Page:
The Village(Buena Vista Home Video, 1.11.2005)
Right before Signs opened, Newsweek put M. Night Shyamalan on its cover under a banner reading "The Next Spielberg," cementing the 32-year-old's status as the most misunderstood filmmaker of the moment. I sure felt better. It wasn't just stuffy critics or middlebrow audiences or Oscar voters that didn't get Shyamalan, it was damn near everybody. I mean, there are people out there who will look you in the eye and tell you that his worst film, The Sixth Sense, is better than Unbreakable, a pop masterwork if I've ever seen one.
And so it was this past summer with The Village, a film which admittedly stretched Shyamalan's meditative cinema of buried revelations to the breaking point. Nah, I didn't think much of the big twist either, saw it coming a whole valley away. Most genre movies are gimmicky like that. The Sixth Sense sure was, and so was Hitchcock. Shyamalan is not fundamentally a mass-entertainment kind of guy; he made a comic book movie four years before that was cool, without "Super," "Bat," or "Spider" in the title. Tarantino is a more kindred spirit, right down to the penchant both share for talking endlessly everywhere but on their DVDs.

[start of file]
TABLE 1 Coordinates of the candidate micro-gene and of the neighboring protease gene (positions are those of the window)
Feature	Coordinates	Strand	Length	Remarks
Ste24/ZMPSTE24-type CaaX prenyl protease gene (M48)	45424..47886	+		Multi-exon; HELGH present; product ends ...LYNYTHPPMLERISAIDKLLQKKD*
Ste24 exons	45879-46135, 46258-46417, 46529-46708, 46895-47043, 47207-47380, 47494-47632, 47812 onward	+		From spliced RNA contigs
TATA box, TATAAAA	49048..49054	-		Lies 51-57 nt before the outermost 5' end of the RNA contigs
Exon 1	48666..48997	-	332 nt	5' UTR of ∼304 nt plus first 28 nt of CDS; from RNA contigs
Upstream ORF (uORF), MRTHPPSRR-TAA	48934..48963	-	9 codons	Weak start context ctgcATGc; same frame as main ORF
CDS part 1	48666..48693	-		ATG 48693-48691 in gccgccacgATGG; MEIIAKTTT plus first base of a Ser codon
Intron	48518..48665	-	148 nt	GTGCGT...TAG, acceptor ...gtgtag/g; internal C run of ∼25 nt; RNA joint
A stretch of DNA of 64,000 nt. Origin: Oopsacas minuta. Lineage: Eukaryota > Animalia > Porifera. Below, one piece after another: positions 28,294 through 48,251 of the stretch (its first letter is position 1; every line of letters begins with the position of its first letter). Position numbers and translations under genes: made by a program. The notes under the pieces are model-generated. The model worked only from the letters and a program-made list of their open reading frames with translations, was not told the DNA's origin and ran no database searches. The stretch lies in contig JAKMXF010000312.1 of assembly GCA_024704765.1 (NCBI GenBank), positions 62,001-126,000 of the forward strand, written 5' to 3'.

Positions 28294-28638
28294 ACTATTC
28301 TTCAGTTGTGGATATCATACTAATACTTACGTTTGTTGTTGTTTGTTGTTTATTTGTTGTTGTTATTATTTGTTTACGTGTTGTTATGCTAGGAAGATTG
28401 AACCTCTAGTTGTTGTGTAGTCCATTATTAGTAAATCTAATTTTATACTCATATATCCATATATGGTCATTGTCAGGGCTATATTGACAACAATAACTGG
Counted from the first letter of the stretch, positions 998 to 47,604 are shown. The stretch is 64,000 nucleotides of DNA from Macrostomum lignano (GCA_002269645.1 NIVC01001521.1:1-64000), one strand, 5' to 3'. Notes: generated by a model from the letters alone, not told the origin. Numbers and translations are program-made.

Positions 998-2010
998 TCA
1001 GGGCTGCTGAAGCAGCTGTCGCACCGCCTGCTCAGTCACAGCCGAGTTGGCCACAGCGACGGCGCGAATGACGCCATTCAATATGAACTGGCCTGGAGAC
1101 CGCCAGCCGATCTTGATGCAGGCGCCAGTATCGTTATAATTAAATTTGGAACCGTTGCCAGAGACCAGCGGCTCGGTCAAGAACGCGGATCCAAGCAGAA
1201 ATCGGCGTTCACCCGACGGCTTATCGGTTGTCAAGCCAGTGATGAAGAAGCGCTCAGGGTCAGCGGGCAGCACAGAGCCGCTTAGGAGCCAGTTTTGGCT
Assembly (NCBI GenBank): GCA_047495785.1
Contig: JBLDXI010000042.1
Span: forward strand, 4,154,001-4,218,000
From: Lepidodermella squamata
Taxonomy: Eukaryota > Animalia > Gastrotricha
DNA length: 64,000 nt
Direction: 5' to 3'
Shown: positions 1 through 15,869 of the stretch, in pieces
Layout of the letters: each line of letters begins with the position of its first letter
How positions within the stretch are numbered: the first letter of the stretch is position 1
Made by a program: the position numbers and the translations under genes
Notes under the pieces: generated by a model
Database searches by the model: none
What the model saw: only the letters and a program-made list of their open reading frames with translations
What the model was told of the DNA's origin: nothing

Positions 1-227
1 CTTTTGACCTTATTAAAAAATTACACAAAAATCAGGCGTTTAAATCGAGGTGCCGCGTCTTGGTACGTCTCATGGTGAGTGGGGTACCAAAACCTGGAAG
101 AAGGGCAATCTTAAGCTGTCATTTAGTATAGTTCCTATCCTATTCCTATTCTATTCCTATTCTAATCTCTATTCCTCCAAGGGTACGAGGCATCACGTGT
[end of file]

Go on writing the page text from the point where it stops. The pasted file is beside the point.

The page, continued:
Which makes The Village a typical Shyamalan disc: gushy making-of-docs, deleted scenes (which Shyamalan introduces by saying how much he hated cutting them), a hilariously accomplished home epic Shyamalan shot as a kid, and no director's commentary, which could have been fascinating considering the film's political subtext.
The "Deconstructing The Village" segment breaks down 25 minutes of production footage by category. The best of the lot is "Boot Camp," the 19th Century Pennsylvania commune where Joaquin Phoenix learned to chop wood and Sigourney Weaver tried her hand at blacksmithing. I would have liked to see more on the town's construction, too. Shyamalan built his whole village in the middle of a clearing but, when the cameras start rolling, everything was up. I could have done without "Bryce's Diary," more gushiness about how much Bryce Howard loves her life.
You can't get lost in Roger Deakins' extraordinary haze and candlelight flickers at home the way you could in a theatre but on a good TV, with the lights off, The Village plays more claustrophobic, more like the midnight pulp with a dash of social consciousness that Shyamalan intended. It's no Unbreakable but there's no Haley Joel Osment either. Shudder... -- Joey Tayler